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More on the WMDs


Yesterday, DR gave a strenuous endorsement to John Judis' and Spencer Ackerman's mind-blowing expose of administration duplicity on the WMDs. If you haven't read it yet, go and do so right now.


And, while you're at it, here are some other recommendations. Jake Tapper in Salon.com has a nice run-down of how the administration's rhetoric on Iraq evolved from halfway reasonable to cloud-cuckoo land over the year prior to the Iraq invasion. Also in Salon.com, Michelle Goldberg has a useful discussion of the "why don't Americans seem to care about the missing WMDs?" issue, with citations to some of the key public opinion data. And Robert Dreyfuss, in the latest issue of The Nation, has an expose of yet another intelligence blunder: the failure to prepare an intelligence evaluation of what a post-Saddam Iraq might actually look like (as opposed to what Rumsfeld et. al. wanted it to look like). As the current chaotic situation continues, and US casualties mount, this particular failure could have serious political consequences for the Bushies.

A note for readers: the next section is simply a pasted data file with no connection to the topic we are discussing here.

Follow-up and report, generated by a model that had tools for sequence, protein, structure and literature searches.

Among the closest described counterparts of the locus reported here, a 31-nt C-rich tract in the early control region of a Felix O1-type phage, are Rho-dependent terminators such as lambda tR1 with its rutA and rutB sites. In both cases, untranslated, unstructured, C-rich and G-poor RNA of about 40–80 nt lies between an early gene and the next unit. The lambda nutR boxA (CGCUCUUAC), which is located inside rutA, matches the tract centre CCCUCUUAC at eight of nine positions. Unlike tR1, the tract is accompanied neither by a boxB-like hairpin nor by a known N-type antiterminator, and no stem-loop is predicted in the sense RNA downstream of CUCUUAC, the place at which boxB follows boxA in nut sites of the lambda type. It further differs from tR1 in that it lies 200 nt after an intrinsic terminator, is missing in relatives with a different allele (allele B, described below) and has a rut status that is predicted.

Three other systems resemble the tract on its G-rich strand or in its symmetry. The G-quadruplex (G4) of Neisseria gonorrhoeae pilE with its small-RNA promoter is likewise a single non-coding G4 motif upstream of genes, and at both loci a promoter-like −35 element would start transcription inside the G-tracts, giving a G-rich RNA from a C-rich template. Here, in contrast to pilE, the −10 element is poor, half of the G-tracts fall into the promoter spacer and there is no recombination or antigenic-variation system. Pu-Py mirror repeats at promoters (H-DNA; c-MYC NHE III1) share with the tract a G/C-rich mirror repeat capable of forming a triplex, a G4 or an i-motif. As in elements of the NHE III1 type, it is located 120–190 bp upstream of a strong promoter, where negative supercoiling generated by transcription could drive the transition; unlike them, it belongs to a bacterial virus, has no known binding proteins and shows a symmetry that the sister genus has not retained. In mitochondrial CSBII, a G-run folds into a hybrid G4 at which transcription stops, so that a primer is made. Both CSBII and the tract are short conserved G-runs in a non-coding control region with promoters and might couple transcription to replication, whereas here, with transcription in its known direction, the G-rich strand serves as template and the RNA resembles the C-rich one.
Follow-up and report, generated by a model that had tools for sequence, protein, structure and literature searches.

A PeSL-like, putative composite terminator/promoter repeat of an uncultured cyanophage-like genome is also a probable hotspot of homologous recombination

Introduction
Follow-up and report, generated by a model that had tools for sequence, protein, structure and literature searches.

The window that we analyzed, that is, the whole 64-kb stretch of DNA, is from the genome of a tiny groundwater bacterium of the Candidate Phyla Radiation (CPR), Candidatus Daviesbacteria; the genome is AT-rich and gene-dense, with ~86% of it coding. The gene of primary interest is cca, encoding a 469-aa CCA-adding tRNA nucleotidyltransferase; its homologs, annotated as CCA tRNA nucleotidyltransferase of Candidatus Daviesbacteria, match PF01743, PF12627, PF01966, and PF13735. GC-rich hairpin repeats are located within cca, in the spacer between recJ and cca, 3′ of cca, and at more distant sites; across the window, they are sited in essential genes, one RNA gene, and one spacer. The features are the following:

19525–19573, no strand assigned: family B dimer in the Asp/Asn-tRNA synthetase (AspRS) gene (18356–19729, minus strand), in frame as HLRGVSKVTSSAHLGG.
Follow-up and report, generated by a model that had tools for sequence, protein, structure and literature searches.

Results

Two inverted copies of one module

The day also brings polling news that suggest the unsettled Iraq situation and missing WMDs are starting to take the shine off of Bush's glossy approval ratings on foreign policy issues. According to the Gallup poll, his approval rating is down 7 points on the Middle East Situation, down 10 points on foreign affairs and down 13 points on the situation with Iraq.


In further signs of deterioration in the administration's position, a Fox News poll finds an 11 point decline in those believing going to war with Iraq has been worth it. And the same poll finds the public split between those who believe either Bush or the intelligence agencies or both exaggerated the dangers of Iraq's WMDs and those who believe there were not such exaggerations.